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A Challenging Case: A 49-year-old Woman With Sarcoidosis

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Dr Atul Patel, MD, FIDSA
Chief Consultant and Director
Infectious Diseases Clinic
Vedanta Institute of Medical Sciences
Ahmedabad, India

A 49-year-old female patient was previously diagnosed with sarcoidosis and interstitial lung disease, and has been receiving steroids for her medical condition over the last 15 years. She previous received empirical anti-tuberculosis treatment but has stopped after a few months due to adverse drug reaction. Pulmonary function test showed severe restriction with diffusion defects. Two-dimensional echocardiography and antinuclear antibody were normal. High-resolution chromatography showed end-stage fibrotic changes in bilateral lung parenchyma with honeycombing, secondary bronchiectasis in bilateral upper and lower lobes.

Clinical presentation

Earlier in June 2017, the patient was admitted to the hospital with fever, worsening respiratory symptoms and peripheral cyanosis. She had a total leukocyte count (TLC) of 16,200 and a galactomannan reading of 1.36. Her bronchoscopy appeared normal. Aspergillus fumigatus was identified in her bronchoalveolar lavage fluid. She was started on itraconazole 200 mg/day but had no clinical response.

The patient went to consult another pulmonologist. Two-dimensional echocardiography showed left ventricular ejection fraction at 55% and right ventricular systolic pressure at 11 mmHg signaling moderate to severe pulmonary hypertension. The patient was tested negative for anti-cyclic citrullinated peptide. Repeat CT scan of the thorax revealed thick-walled cavity with a surrounding halo sign in left lower lobe (Figure 1). Since she was diagnosed with invasive aspergillosis, her antifungal was changed to voriconazole 200 mg BID.

Figure 1. CT scan of the thorax showed thick-walled cavity with a surrounding halo sign in left lower lobe

CT scan of the thorax showed thick-walled cavity with a surrounding halo sign in left lower lobe

In October 2017, the patient was admitted to the emergency room with fever, headache and an episode of convulsion on the same day. Examination revealed the patient was drowsy but arousable and could follow verbal commands. She had tachycardia and hypoxia but was afebrile. She was anemic with a hemoglobin level of 10.7 g/dL, and TLC was 16,600. She had a pro-brain natriuretic peptide value of 1,419 pg/mL and elevated C-reactive protein of 4.5 mg/L. Her liver enzymes were normal and no abnormalities were detected in her chest X-ray and ultrasound. Neurological reference advised a CSF examination and a magnetic resonance imaging (MRI) of the brain. CSF examination reported the following: glucose 68mg/dL; protein: 105mg/dL; white blood cell count 120/ cmm with 20% neutrophils and 80% lymphocytes. No organism was detected on Gram or Ziehl-Neelsen stain. CSF cryptococcal antigen and CSF GenXpert MTB/RIF assays were negative; CSF adenosine deaminase level was 3.38 and CSF galactomannan test yielded 4.06. The MRI showed an abscess in the left frontal parietal region. Contrasts also showed multiple lesions located at the basal ganglia region (Figure 2). Serum IgG antibodies against toxoplasma was negative.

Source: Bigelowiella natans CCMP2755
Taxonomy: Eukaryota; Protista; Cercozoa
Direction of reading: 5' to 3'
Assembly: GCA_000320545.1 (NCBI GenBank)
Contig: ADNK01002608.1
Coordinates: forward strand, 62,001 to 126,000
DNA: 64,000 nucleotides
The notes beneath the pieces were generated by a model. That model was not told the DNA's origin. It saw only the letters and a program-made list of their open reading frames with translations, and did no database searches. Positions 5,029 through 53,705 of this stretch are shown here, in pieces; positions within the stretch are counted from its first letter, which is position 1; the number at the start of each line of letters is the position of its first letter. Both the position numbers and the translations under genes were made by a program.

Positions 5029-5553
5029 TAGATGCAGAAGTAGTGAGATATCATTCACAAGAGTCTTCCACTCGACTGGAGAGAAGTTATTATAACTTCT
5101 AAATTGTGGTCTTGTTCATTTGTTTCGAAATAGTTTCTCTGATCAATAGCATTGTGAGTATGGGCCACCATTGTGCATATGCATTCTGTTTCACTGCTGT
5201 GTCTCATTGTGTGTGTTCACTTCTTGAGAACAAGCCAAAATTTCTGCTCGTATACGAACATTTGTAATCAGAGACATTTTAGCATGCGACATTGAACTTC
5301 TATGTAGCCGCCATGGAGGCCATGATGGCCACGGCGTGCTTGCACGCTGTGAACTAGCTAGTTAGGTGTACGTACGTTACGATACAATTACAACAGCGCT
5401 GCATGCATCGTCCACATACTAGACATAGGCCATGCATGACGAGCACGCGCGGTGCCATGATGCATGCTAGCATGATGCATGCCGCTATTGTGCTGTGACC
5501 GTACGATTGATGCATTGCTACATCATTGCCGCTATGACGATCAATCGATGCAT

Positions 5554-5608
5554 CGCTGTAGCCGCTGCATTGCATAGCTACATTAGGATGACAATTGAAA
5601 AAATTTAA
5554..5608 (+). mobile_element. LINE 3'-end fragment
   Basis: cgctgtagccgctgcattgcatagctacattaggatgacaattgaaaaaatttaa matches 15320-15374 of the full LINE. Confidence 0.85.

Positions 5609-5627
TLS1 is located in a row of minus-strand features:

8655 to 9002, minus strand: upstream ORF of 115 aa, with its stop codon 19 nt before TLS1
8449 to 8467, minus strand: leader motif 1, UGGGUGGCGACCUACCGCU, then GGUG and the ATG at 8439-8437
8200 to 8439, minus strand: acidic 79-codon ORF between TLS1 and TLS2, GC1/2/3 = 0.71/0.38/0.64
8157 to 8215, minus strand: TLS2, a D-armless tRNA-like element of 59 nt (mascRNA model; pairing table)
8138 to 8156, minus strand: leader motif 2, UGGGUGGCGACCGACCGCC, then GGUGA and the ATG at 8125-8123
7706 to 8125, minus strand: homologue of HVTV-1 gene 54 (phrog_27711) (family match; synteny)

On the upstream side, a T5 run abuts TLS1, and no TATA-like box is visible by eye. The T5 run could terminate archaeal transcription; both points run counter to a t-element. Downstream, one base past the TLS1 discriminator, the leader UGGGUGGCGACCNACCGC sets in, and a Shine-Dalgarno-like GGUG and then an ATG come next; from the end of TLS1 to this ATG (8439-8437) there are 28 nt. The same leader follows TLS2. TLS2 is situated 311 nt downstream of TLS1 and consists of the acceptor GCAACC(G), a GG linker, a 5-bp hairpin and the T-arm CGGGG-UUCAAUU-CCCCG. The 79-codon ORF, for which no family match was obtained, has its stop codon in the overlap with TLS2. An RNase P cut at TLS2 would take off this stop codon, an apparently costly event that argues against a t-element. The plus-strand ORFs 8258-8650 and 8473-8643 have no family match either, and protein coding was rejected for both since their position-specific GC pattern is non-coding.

Figure 2. MRI with contrast showed a large abscess in the left frontoparietal region with multiple lesions located at the left basal ganglia region

MRI with contrast showed a large abscess in the left frontoparietal region with multiple lesions located at the left basal ganglia region